, February 7th, 2012 12:57
As the collaborator of choice for any number of bands and producers – Queens of the Stone Age, The Gutter Twins, Soulsavers, Unkle and Isobel Campbell have all benefited from his growling baritone – Mark Lanegan is an artist only too quick to hitch his wagon to someone else's horse. A disingenuous view at best, it also belittles Lanegan's voice - a weapon that's grown in stature, depth and authority since he first took up singing duties with Screaming Trees back when Kurt Cobain was suffering the indignity of mopping up his alma mater's toilets. If Lanegan's collaborations since the demise of his old band at the tail end of the 90s have shown us anything, it's that he's not a singer to be tied down by a narrow musical worldview.
Though Lanegan baulks at the suggestion, he's always been a soul singer in the widest definition of the phrase. His is a voice that tells the tales of horrors and things that should not have been seen, much less done, and has lived to come out of the other side wizened, if not entirely unscarred. Here it's impossible to remain unmoved as he strains, “Baby, don't it feel so bad?” though several layers of emotion and sinew on the hypnotic groove of 'Bleeding Muddy Waters'' gothic Americana.
But Lanegan is making far greater brushstrokes here than at any point in his lengthy career. The starting off point remains his persona of the squint-eyed stranger, ready to grant life or death on the turn of a card, and the sonic framework of opener 'The Gravedigger's Song' is still rooted in the filthy scuffed-up blues that's central to his work. But Blues Funeral – his seventh solo album - finds Lanegan pulling together the strands from the musical adventures he's engaged in since the release of 2004's Bubblegum, to stunning effect.
Aided and abetted by producer Alain Johannes and including contributions from former Afghan Whig Greg Dulli, Josh Homme and one-time Red Hot Chili Peppers tubthumper Jack Irons, among others, Blues Funeral's open door policy sees Lanegan stirring together electronica, processed beats, spaghetti westerns, southern 60s soul, folk and all-out sonic onslaughts to blend his most satisfying and heady brew to date.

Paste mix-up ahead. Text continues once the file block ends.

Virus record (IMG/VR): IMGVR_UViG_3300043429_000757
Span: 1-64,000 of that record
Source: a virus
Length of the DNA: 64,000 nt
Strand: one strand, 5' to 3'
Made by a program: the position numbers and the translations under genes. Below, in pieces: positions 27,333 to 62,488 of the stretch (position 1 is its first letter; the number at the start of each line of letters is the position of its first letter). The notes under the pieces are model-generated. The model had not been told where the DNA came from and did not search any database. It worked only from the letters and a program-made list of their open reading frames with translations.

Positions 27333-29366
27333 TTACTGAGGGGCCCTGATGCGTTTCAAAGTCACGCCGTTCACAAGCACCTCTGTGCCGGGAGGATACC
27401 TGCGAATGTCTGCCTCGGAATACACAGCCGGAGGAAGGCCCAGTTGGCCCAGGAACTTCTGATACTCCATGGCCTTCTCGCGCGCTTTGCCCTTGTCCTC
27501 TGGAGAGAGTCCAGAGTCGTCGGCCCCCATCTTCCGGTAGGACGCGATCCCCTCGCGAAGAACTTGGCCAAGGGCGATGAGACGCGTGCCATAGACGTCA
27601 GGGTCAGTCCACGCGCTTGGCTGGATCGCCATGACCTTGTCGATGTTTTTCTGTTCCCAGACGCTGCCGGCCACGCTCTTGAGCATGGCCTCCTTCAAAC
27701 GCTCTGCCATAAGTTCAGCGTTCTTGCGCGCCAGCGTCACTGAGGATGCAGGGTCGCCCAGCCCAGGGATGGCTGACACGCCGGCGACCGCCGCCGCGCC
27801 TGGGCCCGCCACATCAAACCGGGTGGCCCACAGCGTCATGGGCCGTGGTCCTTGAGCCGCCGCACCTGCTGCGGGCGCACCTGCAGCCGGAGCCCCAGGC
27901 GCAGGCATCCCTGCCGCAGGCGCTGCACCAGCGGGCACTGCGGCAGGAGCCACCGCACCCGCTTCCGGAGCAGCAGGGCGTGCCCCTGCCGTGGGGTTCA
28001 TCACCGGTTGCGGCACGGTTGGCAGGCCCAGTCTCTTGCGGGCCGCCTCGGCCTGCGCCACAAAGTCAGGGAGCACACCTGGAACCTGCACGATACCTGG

His ambitions are realised as early as 'Gray Goes Black', where circular guitar arpeggios are driven by insistent and metronomic rhythms, but it's with 'Ode to Sad Disco' that Lanegan truly hits paydirt. Fusing his love of New Order (their 1985 single, 'Subculture', is his phone's ringtone) with the lengthy shadows that shroud his stentorian rumble, this is disco noir of the highest – ahem – order.
Likewise, the Catholic imagery of sin, ritual and redemption of 'Harborview Hospital' is played out against a haunting backdrop of electronic precision and grand, glacial keyboard sweeps that serve to heighten the sense of drama contained within. Elsewhere, the collision of electronica and Kraftwerk influences on closer 'Tiny Grain Of Truth' leaves a deep impression of an artist transcending his influences to create a new template of his own.
These excursions into previously uncharted waters highlight the occasions Lanegan moves back into his previous comfort zone. Josh Homme's squalling guitar snakes its way though the pounding crunch of 'Riot In My House' while the hook-driven 'Quiver Syndrome' sees Neu! driving headlong into The Rolling Stones at high speed.
Blues Funeral is the sound of an artist freeing himself of expectation and convention, and in the process has delivered the finest work in Lanegan's already impressive canon. Moreover, this is an album that will likely be spoken of reverential terms just as much in years to come as it will at this year's end.